2020 was a year many of us will likely remember, but it’s also a year that many of us would rather forget. 2021 is already shaping up to be another memorable year and the first two months have been anything but dull. Most recently, a fairly unremarkable company, GameStop, became a household name overnight, kicking off the next wave of headlines and reaching a global audience.
Retail investors moved against Wall Street in what has been billed as a modern-day David versus Goliath. Reddit users piled into shares of GameStop, spurring it to greater heights as they punished hedge fund short sellers, costing them Billions. Amplified further by mainstream media coverage, amateur investors and mass interest brought even more cash to bear, adding fuel to the fire. Just over a month later the dust continues to settle. There are still numerous questions, however, one thing seems certain. Fortunes were made and fortunes were lost.
Feeling the Effects of the GameStop Surge
Congress is set to hold hearings on the events surrounding the meteoric rise of GameStop (and its subsequent fall). A fixture on the r/wallstreetbets subreddit, Keith Gill, is now the defendant in a proposed class action lawsuit alleging securities fraud, and around 90 lawsuits have been levied against online trading app, Robinhood. All this while GameStop sits at $40.69, having shed over $30 Billion from its all-time high of $483 on January 28th. Many of these fresh loses have been absorbed by the very retail investors that put the squeeze on Wall Street only a few short weeks earlier. More and more we hear of people facing a far bleaker financial outlook, having taken large loses. Rent checks gone. IRA balances slashed. Savings lost. Some have taken their experience to heart, a lesson to be remembered. Others still have trouble reconciling the events that led them down this path, leading some to have sworn off investing entirely.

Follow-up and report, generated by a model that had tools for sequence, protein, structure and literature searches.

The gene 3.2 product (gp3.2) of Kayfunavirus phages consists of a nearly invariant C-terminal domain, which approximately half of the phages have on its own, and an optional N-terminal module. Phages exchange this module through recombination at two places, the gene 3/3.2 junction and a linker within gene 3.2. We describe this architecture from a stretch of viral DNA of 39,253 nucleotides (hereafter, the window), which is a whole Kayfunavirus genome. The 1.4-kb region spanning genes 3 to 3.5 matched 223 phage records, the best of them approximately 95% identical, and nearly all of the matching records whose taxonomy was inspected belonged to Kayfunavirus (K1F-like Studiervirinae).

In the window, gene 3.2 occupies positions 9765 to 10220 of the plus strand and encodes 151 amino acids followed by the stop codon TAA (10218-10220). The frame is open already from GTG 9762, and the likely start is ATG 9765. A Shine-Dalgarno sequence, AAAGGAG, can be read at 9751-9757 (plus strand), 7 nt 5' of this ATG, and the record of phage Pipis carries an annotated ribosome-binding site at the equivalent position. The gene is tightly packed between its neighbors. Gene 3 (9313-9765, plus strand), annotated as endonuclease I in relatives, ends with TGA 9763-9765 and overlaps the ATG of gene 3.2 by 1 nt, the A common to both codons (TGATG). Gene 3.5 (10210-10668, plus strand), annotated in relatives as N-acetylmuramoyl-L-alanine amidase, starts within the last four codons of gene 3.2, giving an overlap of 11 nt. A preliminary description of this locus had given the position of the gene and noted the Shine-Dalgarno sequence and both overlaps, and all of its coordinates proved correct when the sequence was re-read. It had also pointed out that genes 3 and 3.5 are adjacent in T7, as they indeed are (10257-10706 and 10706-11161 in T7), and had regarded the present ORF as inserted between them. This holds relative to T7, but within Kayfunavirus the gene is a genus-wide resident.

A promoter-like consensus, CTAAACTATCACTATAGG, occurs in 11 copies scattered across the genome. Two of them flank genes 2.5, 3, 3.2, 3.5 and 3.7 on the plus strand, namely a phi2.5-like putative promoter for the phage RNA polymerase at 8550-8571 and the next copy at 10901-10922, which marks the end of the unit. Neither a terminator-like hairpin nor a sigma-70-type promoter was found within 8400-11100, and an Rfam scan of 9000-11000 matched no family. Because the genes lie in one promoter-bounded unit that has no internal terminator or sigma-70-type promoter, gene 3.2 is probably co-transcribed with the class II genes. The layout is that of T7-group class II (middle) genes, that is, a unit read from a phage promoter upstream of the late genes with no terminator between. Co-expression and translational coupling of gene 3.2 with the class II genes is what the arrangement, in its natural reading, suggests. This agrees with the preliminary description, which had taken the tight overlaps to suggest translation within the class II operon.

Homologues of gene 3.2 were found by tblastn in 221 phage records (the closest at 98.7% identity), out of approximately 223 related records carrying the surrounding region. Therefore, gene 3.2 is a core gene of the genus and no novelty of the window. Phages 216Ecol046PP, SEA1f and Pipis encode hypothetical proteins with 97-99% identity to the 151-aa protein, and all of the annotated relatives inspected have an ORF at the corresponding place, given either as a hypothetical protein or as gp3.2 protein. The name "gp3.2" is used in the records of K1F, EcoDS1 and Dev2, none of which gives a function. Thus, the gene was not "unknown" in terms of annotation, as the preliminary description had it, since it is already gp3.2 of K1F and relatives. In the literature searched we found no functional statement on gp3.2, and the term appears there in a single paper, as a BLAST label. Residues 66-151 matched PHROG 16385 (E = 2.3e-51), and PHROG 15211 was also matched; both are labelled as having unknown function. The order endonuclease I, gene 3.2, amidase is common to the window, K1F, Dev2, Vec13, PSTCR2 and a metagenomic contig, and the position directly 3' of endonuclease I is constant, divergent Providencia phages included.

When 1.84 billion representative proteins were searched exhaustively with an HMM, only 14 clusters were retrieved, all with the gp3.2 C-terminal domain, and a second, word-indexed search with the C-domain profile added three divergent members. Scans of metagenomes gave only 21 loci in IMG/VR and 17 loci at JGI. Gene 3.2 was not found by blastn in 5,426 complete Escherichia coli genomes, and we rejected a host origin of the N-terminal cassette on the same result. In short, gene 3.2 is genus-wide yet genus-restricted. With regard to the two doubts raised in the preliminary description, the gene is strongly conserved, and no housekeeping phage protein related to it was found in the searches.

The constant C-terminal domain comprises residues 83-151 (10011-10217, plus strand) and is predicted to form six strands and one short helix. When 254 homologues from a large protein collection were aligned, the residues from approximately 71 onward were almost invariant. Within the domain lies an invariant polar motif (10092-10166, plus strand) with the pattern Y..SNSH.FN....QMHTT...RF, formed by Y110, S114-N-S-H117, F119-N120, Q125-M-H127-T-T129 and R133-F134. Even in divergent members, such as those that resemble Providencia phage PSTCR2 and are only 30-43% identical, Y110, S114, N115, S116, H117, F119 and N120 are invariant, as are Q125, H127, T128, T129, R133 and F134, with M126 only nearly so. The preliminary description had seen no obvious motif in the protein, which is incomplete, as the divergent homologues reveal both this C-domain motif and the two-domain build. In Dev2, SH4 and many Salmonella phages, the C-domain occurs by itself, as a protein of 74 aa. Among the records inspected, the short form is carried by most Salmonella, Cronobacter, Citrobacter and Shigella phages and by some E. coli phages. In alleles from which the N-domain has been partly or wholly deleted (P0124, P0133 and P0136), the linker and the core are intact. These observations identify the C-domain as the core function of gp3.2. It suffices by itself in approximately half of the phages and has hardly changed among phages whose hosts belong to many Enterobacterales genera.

Unfortunately, I don’t think we can call this investing. At least not investing responsibly. Speculating? Definitely. Fear of missing out? Sure. Gambling? Why not. For some, that’s part of the thrill. Willing to take the big risks and put it on the line for the big payday. The fast buck. For the rest of us? We’ll invest for our futures. For our retirement. For our long-term goals. We’ll invest with purpose and with a plan, controlling what we can and minimizing the risk of what we can’t. Letting evidence guide us, not emotion and irrational behavior.
Sometimes slow and steady really does win the race, or at the very least get us where we want to go without crashing and burning along the way. Contact Claris to see how our investment approach is designed to help you understand, invest and relax.